T riders could experience increased hours of services if lawmakers choose to adapt Mass. Gov. Deval Patrick’s proposed transportation reform plan.
The transportation plan allocates about $1 billion to the Massachusetts Department of Transportation, allowing, among other things, the T to extend its service hours until 2 a.m. on weekends, increasing ridership.
The plan is in response to the “Your Vision, Our Future” public meetings with riders that have been occurring throughout the city.
Currently, the T makes more than 1.4 million trips on more than 3,000 buses, commuter rail, subway, ferries, and paratransit vehicles everyday, according to a Massachusetts Bay Transportation Department press release.
Sara Lavoie, a spokeswoman for the MBTA, said if funds are freed up, longer T hours could become a reality.
“The MBTA is investigating providing service beyond 1:00 am on a limited basis,” she said. “If additional operating funds are identified, major bus routes and the most heavily travelled portions of the subway and light rail systems will be considered as part of a pilot program.”
The increased service would require substantial additional funding, and the MBTA currently requires about $300 million per year to pay existing debt and operating costs, according to the governor’s plan.
Still, Lt. Gov. Timothy Murray said transportation is vital for a strong community.
“Transportation is the enabling network of our economy, creating and supporting jobs in all regions of the Commonwealth,” Murray said in statement. “The MassDOT Board has outlined how far we’ve come and how far we have to go to ensure a safe, reliable and regionally equitable transportation network. Now we all need is to work together to make this vision a reality.”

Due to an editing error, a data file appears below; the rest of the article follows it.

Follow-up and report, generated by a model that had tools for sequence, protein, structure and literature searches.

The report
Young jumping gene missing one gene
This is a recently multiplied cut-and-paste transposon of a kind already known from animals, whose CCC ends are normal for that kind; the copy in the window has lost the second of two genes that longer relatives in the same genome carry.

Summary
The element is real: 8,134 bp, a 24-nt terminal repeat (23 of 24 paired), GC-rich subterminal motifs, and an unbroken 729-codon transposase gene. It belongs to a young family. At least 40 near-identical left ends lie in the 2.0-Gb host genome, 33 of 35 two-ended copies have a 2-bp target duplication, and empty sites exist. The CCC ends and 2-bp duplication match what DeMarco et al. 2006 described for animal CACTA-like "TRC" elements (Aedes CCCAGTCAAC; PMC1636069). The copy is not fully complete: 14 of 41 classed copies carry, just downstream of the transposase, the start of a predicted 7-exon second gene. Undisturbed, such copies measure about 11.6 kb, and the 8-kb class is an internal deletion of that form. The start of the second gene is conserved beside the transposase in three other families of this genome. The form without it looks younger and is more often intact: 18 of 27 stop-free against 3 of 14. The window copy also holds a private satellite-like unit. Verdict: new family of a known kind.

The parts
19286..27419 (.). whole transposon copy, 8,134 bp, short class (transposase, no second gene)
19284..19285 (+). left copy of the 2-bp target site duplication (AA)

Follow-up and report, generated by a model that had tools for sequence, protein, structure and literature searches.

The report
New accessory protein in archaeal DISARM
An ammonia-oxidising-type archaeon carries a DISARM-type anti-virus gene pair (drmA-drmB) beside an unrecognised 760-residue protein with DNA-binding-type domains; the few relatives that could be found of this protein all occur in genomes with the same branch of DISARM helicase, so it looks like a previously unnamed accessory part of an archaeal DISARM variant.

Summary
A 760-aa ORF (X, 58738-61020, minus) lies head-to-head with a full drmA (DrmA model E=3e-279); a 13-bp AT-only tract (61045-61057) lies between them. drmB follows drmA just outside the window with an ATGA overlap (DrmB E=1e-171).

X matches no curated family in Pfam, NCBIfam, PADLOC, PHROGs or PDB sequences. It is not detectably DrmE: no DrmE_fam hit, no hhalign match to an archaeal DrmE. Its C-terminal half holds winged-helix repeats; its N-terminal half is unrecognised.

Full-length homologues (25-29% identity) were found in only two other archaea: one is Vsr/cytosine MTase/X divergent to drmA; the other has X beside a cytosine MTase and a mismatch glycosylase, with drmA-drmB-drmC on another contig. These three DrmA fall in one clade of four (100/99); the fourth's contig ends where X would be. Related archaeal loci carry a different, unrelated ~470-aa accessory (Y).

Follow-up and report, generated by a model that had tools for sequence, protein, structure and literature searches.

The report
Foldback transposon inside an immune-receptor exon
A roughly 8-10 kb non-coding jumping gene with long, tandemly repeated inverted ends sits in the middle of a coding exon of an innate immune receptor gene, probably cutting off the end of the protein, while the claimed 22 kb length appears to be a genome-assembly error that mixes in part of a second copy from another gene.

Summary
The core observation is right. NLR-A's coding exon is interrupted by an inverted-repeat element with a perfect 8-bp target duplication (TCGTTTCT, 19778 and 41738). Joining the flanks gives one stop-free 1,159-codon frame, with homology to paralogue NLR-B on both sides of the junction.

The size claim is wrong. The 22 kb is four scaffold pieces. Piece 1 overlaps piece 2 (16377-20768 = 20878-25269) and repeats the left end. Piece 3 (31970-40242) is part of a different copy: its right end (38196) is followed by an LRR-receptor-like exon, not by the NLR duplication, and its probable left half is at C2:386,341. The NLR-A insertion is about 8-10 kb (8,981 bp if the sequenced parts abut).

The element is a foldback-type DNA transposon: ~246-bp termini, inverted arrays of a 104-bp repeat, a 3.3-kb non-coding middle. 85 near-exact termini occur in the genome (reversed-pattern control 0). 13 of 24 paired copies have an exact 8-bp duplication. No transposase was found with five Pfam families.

Kelly Smith, MBTA deputy press secretary, said additional cost would depend upon the expansion of the extra service hours.
“The cost of service will be determined once operating schedules and frequencies are identified,” she said. “Costs associated with additional service hours include vehicle fuel, power, personnel, cleaning, station and parking area lighting and increased customer service and Transit Police hours to ensure passenger safety.”
Smith said T maintenance work would not be affected by the possible new service hours.
“The MBTA would ensure that any additional scheduled service does not reduce the ability to perform track, vehicle and station maintenance functions, which currently take place during the overnight period,” she said.
The funds for the proposed service expansion come from Patrick’s transportation reform plan. The revenue would have to be generated from an increase in rider fares and overall tax increases.
Patrick said this plan takes the necessary steps to improve the struggling transportation system.
“The plan released today is a stark, clear-eyed, non-partisan presentation of the facts,” he said in a statement. “If we are serious about improving our transportation system for a generation, then we have to be willing to make the necessary investments.”
The plan also calls for $2.4 billion over the next 10 years to replace old train cars and $850 million to replace buses, among other things.
The Green Line has been eyed for expansion, as has South Station, according to the plan.
Some Boston University students said they would enjoy later service hours for the T, and said it would enhance safety in the city.
“Young people are always out late, and not having the T is dangerous and an inconvenience,” said Lucia Olmos, a sophomore in the College of General Studies “And it is really cold, so having the T would be nice.”
College of Engineering freshman Ian Chang also said expanded hours would create a safe alternative to walking.
“It would be great if you are having a late night out and need a safe way to get back,” he said. “Especially after all of the robberies, you don’t want to walk.”